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Comparison between The Three Strangers and a Vendetta.

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Introduction

GCSE English Coursework: Comparison between The Three Strangers and a Vendetta The story purpose for each writer is in my opinion totally different. Thomas Hardy has set out to make 'The Three Strangers' a story with many twists and turns keeping the reader in suspense until the very end, while Guy de Maupassant has written a story full of revenge and sorrow as well as mystery. In 'The Three Strangers' you always get the feeling that something is not quite right, mainly because of the characters' actions and reactions towards each other. For example, Shepherdess Fennel's perception of the Second Stranger automatically gives you the mindset that he has bad intentions. Hardy's mystery runs much more along the lines as to which of The Three Strangers is up to no good, and he writes it so well that even when you think you are sure who it is there is still a doubt in your mind. Guy de Maupassant's 'A Vendetta' is like 'The Three Strangers' as it is also a very mysterious story but the mysteriousness is of a totally different nature. The mystery is not who the criminal is, as we are told it is Nicolas Ravolati; the mystery is how will Mrs Saverini avenge her son's death? In this story you don't have the need to guess as you do in 'The Three Strangers'. ...read more.

Middle

The Second Stranger's appearance is more normal, but still, the fact is that two strangers have arrived in the same town which usually only gets strangers sporadically. But doubts about the Second Stranger occurred in my mind when Shepherdess Fennel didn't take to him. She did not seem to be happy about the way the stranger had responded to her and the Shepherd's kind hospitality. It is when the Third Stranger is brought into the story Hardy steps up the pace. It changes from being just mysterious to being both mysterious and exciting as you are now anxious to find the end result. Hardy makes the ending good by creating many twists and turns, such as the Third Stranger being accused wrongly. The Second Stranger (who has now turned out to be a hangman) thinks that the Third Stranger is the man who has committed a crime, but actually it is the man from the chimney corner who is the criminal. At the end of the story Hardy makes everything fit together brilliantly. He reveals the relationships between The Three Strangers and answers the many questions you may have. One of the burning questions I had was 'why did the Third Stranger tremble if he had done nothing wrong' but after I read the whole story, this question was also answered. The way Hardy finishes off the story makes you think that it could have been factual. ...read more.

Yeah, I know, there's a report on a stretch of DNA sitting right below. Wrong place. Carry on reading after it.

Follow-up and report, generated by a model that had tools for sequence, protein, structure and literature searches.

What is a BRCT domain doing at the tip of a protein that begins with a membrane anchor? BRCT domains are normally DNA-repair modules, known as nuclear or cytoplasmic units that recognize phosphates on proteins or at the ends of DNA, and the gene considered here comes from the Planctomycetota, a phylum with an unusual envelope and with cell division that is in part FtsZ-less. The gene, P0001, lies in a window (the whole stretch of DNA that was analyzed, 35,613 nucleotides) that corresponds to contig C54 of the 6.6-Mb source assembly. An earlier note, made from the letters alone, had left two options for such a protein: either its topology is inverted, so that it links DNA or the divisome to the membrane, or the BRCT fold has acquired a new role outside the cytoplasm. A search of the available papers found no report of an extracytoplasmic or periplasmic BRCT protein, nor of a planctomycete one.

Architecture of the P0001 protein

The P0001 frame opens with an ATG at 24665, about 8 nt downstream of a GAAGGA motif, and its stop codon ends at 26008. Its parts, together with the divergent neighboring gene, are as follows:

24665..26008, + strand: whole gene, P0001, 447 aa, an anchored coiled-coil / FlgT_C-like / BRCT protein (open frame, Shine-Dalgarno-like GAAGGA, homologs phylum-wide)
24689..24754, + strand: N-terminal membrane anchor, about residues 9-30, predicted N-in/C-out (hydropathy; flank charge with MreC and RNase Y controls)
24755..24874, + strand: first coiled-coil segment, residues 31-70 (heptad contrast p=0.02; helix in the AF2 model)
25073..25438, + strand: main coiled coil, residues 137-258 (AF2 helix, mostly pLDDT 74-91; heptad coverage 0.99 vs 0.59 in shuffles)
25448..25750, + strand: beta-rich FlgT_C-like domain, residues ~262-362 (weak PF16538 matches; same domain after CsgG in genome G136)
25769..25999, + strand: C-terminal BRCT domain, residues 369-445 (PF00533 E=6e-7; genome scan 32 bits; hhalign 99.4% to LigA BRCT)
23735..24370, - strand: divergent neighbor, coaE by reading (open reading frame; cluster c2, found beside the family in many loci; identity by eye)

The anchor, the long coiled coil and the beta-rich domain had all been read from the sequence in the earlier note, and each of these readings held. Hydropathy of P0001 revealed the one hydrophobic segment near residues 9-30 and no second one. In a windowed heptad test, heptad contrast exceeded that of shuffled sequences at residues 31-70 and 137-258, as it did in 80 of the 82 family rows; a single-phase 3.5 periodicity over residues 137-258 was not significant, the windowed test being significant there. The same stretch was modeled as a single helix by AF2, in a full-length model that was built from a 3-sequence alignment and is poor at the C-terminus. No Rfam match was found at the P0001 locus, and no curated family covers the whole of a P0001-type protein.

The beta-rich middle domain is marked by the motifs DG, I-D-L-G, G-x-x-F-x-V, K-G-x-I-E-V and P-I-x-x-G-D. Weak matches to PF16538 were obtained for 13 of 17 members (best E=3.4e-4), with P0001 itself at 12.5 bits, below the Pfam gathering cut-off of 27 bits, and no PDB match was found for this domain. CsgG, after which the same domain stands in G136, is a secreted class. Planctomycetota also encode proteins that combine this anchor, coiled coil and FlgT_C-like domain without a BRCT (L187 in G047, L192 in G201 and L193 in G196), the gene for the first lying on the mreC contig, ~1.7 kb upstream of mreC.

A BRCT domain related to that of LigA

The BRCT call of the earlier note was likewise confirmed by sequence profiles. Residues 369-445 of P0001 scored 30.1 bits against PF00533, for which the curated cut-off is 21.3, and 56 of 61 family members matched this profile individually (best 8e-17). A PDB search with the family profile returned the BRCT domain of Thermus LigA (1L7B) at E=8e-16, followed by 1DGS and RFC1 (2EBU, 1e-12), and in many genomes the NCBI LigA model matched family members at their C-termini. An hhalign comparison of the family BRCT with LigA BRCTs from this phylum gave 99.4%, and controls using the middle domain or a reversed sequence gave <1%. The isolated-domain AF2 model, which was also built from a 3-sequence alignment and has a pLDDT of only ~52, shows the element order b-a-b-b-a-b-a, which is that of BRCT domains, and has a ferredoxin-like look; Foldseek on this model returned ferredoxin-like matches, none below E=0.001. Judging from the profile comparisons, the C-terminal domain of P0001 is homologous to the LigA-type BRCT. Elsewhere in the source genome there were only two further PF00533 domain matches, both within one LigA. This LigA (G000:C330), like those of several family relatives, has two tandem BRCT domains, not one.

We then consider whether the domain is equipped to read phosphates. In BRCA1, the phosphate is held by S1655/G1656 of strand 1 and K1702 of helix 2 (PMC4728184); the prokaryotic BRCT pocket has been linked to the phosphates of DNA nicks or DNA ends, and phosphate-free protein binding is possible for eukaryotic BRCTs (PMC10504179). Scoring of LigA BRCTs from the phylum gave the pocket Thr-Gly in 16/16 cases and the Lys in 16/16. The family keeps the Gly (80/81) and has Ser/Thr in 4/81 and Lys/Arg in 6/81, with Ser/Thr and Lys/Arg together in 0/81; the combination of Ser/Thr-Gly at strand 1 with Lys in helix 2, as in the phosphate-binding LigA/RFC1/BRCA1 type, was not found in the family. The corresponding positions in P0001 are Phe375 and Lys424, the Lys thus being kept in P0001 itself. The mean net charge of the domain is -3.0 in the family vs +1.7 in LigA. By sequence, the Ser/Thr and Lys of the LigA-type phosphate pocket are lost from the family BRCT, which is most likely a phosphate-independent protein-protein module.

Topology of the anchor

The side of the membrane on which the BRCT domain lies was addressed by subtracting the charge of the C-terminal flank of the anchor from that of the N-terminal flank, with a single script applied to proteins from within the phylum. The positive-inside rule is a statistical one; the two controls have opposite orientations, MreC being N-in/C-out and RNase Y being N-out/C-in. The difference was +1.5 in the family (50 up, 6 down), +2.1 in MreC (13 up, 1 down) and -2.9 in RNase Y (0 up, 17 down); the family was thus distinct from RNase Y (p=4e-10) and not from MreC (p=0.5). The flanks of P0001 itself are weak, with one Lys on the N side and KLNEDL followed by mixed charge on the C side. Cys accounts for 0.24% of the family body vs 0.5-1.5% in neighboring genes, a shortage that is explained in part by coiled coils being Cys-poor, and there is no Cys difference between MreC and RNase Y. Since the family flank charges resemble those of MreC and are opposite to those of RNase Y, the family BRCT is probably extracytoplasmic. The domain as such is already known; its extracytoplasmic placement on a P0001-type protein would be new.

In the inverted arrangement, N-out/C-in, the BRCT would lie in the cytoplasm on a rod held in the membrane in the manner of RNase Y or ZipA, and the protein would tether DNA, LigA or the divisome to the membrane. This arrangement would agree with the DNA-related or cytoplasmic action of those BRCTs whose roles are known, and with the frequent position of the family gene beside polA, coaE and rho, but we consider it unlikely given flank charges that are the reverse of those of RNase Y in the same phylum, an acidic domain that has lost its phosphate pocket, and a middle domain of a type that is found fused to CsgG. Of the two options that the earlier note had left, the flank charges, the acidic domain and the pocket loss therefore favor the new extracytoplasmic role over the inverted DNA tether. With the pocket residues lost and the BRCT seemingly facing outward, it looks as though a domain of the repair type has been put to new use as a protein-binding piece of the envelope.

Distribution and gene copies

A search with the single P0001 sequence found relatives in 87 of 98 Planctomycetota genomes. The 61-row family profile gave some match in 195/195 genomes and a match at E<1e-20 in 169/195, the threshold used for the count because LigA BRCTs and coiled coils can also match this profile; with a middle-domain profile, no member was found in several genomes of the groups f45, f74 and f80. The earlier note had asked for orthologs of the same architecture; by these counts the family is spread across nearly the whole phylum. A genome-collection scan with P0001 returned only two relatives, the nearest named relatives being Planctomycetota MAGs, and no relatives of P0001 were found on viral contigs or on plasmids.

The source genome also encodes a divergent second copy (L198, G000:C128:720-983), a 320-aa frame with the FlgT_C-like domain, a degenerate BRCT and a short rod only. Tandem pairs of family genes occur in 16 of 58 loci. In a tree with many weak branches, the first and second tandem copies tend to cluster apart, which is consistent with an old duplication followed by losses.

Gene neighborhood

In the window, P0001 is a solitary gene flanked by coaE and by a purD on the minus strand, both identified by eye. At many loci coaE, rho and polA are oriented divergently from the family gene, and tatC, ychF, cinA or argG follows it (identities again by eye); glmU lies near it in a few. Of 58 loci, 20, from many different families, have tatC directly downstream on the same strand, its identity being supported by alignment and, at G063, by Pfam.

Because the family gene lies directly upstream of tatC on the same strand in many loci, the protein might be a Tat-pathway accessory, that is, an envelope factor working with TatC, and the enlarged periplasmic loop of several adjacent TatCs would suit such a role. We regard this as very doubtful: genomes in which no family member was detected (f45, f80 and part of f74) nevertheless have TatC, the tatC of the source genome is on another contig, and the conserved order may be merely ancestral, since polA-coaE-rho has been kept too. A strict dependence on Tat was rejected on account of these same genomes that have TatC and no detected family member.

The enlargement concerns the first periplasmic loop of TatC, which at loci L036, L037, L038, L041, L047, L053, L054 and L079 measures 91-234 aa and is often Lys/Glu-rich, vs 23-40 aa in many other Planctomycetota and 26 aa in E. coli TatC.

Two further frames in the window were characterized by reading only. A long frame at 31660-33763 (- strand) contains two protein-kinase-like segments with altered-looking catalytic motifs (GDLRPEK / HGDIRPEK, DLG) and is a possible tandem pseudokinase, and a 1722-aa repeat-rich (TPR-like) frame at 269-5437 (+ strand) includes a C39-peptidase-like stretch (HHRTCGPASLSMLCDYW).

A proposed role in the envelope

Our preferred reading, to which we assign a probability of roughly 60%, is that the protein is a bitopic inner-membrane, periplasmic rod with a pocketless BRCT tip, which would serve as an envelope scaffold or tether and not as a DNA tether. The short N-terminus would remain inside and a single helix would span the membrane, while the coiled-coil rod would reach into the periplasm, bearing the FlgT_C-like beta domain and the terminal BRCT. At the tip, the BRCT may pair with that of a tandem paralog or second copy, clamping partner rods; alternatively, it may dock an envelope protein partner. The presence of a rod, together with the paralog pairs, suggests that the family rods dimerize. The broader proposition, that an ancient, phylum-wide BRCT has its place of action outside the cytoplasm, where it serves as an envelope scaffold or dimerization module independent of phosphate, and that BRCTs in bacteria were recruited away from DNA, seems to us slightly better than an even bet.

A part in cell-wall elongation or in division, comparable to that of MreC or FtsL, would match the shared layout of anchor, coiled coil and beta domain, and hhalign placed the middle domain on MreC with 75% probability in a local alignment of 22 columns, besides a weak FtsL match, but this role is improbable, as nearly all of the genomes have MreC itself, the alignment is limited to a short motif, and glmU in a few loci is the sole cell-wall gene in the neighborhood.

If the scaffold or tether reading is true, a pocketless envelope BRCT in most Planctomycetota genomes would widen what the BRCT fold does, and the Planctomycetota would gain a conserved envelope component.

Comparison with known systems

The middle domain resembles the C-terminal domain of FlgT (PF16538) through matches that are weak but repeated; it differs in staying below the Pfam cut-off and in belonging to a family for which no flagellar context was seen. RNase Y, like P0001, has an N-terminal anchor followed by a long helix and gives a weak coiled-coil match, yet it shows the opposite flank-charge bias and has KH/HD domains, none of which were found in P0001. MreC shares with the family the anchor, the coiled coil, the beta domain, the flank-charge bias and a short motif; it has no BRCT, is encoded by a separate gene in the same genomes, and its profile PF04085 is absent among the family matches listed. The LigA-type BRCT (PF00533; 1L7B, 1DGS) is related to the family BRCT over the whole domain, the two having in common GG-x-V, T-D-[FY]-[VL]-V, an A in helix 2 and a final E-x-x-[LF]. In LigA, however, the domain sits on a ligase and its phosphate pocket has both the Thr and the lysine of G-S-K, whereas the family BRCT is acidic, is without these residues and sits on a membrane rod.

Conclusion

'The mother had a sudden inspiration, the fierce vindictive inspiration of a savage'. This sentence shows us the sinister thoughts that enter her mind in the quest to avenge her deceased son. Another incident in the story, which shows the old woman's dark side, is when she gets the feeling of sheer excitement from her dog's savageness. It is almost as if she can taste the blood her dog is going to draw from Ravaloti to satisfy her thirst for revenge. Hardy has many characters making up his story, so rather than showing us his characters thought process, he writes about the way they communicate and interact with each other. The ending once again reiterates the pain and anguish Mrs Saverini has experienced over the death of her son. When she arrives at the house of Nicolas Ravolati she takes great pleasure in having her dog murder him, and seemingly feels no remorse whatsoever, as Maupassant writes 'The old woman returned home that evening. That night she slept soundly'. Though both of the stories are mysteries they are very different. Hardy has created a story, which sets the stage for several endings. The language he uses creates a 'whodunit' type atmosphere, as it is a story that begins at a slow pace but gradually steps up as we meet each character. 'A Vendetta' is filled with sorrow, hate, rage and finally revenge. Maupassant has created a piece of writing which leaves you uneasy and uncomfortable with the mother's state of mind. ...read more.

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